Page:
Objective.—To assess the prevalence of stings by small spiny driftwood catfish (carataí) of the genus Centromochlus (Auchenipteridae) accidentally caught in buckets during bucket bathing by riverside people along the Brazilian Amazon and to determine the probability of catching specimens of these fish during random throws of a bucket into the river.
Methods.—We interviewed 27 adult residents living at the confluence of the Negro and Solimões rivers in Brazil regarding whether or not they had ever been stung by driftwood catfish while bucket bathing. To assess the likelihood of catching catfish in bathing buckets, we randomly threw a typical plastic bucket used for bathing in 4 series of 10 throws into the river at dusk or night around a floating house.
Results.—Seventeen of the 27 subjects (63%) reported being injured by driftwood catfish during bucket bathing. Three individuals (17.6%) had been injured 2 to 3 times, totaling 23 puncture accidents. All stings occurred at dusk or early night. In the 4 series of 10 bucket throws, we caught 3 driftwood catfish (in 1 series we did not catch any fish). Thus, the chance of catching a driftwood catfish in a single bucket throw at dusk was slightly less than 10%.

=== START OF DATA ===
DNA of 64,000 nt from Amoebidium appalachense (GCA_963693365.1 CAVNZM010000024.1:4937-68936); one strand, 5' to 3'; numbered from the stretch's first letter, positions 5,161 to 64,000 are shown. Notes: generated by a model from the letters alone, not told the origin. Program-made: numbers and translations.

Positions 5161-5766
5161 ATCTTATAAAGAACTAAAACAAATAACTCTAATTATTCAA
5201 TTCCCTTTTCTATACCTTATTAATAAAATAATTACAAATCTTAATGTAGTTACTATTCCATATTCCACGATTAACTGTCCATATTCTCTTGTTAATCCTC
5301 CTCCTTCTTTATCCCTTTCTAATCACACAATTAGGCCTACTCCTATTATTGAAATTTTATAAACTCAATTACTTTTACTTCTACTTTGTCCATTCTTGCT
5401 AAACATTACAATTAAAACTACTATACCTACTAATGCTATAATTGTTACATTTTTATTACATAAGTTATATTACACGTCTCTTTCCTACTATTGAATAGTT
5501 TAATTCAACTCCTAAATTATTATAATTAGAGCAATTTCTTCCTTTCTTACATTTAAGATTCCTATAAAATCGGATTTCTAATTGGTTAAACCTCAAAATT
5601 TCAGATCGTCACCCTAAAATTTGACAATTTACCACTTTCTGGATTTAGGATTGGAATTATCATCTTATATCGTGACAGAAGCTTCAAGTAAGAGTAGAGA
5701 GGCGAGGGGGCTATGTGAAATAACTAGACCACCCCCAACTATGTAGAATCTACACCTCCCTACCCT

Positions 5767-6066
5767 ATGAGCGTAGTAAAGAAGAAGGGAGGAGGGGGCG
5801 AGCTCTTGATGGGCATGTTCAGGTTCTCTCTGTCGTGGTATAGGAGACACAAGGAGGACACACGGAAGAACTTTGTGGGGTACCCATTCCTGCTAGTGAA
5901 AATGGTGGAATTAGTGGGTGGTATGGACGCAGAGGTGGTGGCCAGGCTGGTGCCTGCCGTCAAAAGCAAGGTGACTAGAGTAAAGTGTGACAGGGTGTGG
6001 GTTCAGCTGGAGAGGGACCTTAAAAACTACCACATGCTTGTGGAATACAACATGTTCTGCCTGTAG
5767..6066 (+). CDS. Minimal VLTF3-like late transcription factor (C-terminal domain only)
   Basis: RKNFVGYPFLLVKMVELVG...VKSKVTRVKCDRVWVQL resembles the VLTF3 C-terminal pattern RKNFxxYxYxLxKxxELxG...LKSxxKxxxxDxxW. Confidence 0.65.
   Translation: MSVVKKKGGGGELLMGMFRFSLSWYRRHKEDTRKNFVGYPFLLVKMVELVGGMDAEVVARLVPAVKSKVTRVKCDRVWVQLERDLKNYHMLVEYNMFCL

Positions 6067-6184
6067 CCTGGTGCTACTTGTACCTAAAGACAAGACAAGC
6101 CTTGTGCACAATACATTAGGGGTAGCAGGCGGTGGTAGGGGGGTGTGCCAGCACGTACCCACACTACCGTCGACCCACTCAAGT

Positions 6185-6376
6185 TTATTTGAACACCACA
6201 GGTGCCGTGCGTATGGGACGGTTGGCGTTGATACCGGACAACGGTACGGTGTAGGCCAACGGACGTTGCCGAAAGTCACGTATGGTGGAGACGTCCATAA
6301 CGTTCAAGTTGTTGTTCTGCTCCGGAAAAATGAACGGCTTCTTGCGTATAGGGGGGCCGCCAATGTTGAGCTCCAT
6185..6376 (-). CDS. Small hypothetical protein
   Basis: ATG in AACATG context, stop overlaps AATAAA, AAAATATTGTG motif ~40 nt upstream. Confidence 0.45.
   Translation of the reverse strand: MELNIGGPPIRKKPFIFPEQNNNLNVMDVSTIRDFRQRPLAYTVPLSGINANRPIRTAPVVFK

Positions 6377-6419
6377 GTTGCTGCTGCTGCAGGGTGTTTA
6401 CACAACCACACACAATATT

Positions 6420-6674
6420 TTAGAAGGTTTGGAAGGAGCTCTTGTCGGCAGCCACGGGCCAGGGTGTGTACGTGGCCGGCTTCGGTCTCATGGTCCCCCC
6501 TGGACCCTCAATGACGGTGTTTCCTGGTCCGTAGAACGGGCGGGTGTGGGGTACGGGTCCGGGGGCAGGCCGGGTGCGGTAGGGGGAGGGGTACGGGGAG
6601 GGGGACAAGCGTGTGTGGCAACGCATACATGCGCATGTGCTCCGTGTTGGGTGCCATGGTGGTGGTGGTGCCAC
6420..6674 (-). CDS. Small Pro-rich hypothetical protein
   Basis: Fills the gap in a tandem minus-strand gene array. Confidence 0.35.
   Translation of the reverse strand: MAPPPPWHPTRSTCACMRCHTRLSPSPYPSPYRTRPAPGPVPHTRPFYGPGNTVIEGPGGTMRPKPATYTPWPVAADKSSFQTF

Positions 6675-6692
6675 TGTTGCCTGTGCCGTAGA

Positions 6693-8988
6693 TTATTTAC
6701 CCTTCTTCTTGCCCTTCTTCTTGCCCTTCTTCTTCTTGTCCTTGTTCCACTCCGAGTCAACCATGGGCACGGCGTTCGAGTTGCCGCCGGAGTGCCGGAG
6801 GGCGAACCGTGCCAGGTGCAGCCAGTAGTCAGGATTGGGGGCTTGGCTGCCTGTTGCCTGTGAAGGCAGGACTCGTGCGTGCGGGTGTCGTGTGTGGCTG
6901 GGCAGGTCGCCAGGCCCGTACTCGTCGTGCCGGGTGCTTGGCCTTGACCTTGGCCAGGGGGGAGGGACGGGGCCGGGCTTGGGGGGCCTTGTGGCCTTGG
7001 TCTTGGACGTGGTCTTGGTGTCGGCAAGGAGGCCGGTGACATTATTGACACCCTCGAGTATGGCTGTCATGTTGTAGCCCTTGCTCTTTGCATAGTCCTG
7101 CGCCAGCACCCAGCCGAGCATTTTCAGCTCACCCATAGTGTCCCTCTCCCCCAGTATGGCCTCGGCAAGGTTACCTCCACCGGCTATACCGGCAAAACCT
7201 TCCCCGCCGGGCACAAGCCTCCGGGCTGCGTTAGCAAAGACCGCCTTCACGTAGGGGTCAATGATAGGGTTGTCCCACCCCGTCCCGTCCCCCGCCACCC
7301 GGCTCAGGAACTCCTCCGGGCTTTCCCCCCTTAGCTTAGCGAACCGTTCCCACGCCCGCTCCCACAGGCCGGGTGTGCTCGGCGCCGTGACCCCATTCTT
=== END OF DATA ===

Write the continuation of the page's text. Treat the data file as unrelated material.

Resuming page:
Conclusions.—The prevalence of stings by driftwood catfish to people bucket bathing in this section of the Brazilian Amazon is high, partly because of the relatively high chances of catching these small catfish during random throws of a bathing bucket into the river.